A new and innovative electron paramagnetic resonance (EPR) methodology will be developed for in vivo spectroscopy, imaging and biomedical research. A partnership of engineers, research scientists, clinicians, and industry propose to design and build rapid-scan EPR systems operating at 250 MHz and at L-band (ca. 1.1 GHz). The emphasis is on careful engineering of the spectrometer systems, including magnet, scan coils, resonator, and data acquisition to optimize physiological EPR signal acquisition for in vivo spectroscopy and imaging. Rapid-scan EPR encompasses the regime in which the magnetic field sweep is fast relative to relaxation times, which is a newly developed intermediate regime between CW and pulsed EPR. Direct-detection rapid-scan EPR signals provide the absorption lineshape directly, reveal electron spin relaxation times without requiring high incident power, and provide accurate relative amplitudes of peaks in rapidly decaying signals.
The Specific Aims are: (1) Build a dedicated rapid-scan spectrometer at L-band (ca. 1.1 GHz) with scan rates optimized for biomedical, in vivo, and imaging experiments. (2) Build improved resonators, rapid scan coils and drivers, and dedicated rapid-scan bridge at 250 MHz. (3) Build a 250 MHz rapid scan bridge, resonator, and magnetic field scan coil unit at the University of Denver and install it at the University of Chicago Center for In Vivo Imaging of Physiology, where it will be used to image oxygen concentrations in animal tumors. The benefits of traditional CW imaging, pulsed EPR imaging, and rapid-scan imaging for oximetry and oncology will be compared. (4) Design, build and test hardware/software systems for acquisition of the rapid-scan signal and post-processing of spectral information that will be used at 250 MHz and at L-band. In addition to in vivo imaging, future applications include the study of transient paramagnetic species, such as spin-trapped radicals with short lifetimes, time-dependent biological processes, and fundamental spin relaxation phenomena. This instrumentation is a new enabling technology and will create a new era for measuring oxygen in vivo and for scientific investigation of paramagnetic species, including in vivo free radicals. Free radicals are implicated in many diseases, and measurement of oxygen in vivo is important for cancer treatment, peripheral vascular disease, and wound healing.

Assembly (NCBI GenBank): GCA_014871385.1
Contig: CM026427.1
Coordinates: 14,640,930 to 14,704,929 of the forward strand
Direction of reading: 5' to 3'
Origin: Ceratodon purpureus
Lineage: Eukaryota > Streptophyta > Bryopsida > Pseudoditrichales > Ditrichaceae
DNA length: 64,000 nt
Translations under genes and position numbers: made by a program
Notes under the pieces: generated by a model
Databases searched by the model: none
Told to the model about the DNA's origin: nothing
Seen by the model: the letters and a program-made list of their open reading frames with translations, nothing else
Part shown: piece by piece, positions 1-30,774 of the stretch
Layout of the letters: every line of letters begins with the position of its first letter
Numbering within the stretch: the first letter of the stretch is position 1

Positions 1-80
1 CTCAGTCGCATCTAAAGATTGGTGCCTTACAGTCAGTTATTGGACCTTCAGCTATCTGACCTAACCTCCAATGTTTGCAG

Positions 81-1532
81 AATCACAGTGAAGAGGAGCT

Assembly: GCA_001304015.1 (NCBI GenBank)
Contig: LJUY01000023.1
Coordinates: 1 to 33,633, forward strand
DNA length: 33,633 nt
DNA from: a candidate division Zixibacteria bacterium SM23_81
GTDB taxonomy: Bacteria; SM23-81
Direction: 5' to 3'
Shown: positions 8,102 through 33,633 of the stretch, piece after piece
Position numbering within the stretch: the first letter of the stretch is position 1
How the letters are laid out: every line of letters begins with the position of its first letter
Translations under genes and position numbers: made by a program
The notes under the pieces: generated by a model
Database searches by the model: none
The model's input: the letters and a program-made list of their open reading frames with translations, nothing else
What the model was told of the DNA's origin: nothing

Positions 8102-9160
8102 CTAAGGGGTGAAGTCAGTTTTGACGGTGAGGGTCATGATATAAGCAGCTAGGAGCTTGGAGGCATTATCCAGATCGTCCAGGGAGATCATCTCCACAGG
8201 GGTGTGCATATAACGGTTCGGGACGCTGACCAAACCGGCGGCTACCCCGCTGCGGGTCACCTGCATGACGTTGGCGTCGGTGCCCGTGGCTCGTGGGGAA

|Elajaili, Hanan; Biller, Joshua R; Rosen, Gerald M et al. (2015) Imaging disulfide dinitroxides at 250 MHz to monitor thiol redox status. J Magn Reson 260:77-82|
|Elajaili, Hanan B; Biller, Joshua R; Tseitlin, Mark et al. (2015) Electron spin relaxation times and rapid scan EPR imaging of pH-sensitive amino-substituted trityl radicals. Magn Reson Chem 53:280-4|
|Biller, Joshua R; Tseitlin, Mark; Mitchell, Deborah G et al. (2015) Improved sensitivity for imaging spin trapped hydroxyl radical at 250 MHz. Chemphyschem 16:528-31|
|Eaton, Sandra S; Eaton, Gareth R (2015) Rapid-Scan EPR of Nitroxide Spin Labels and Semiquinones. Methods Enzymol 563:3-21|
|Biller, Joshua R; Tseitlin, Mark; Quine, Richard W et al. (2014) Imaging of nitroxides at 250MHz using rapid-scan electron paramagnetic resonance. J Magn Reson 242:162-8|
|Yu, Zhelin; Quine, Richard W; Rinard, George A et al. (2014) Rapid-scan EPR of immobilized nitroxides. J Magn Reson 247:67-71|
|Tseitlin, Mark; Biller, Joshua R; Elajaili, Hanan et al. (2014) New spectral-spatial imaging algorithm for full EPR spectra of multiline nitroxides and pH sensitive trityl radicals. J Magn Reson 245:150-5|
|Mitchell, Deborah G; Rosen, Gerald M; Tseitlin, Mark et al. (2013) Use of rapid-scan EPR to improve detection sensitivity for spin-trapped radicals. Biophys J 105:338-42|
|Tseitlin, Mark; Eaton, Sandra S; Eaton, Gareth R (2012) Uncertainty analysis for absorption and first-derivative EPR spectra. Concepts Magn Reson Part A Bridg Educ Res 40A:295-305|
|Tseitlin, Mark; Mitchell, Deborah G; Eaton, Sandra S et al. (2012) Corrections for sinusoidal background and non-orthogonality of signal channels in sinusoidal rapid magnetic field scans. J Magn Reson 223:80-4|
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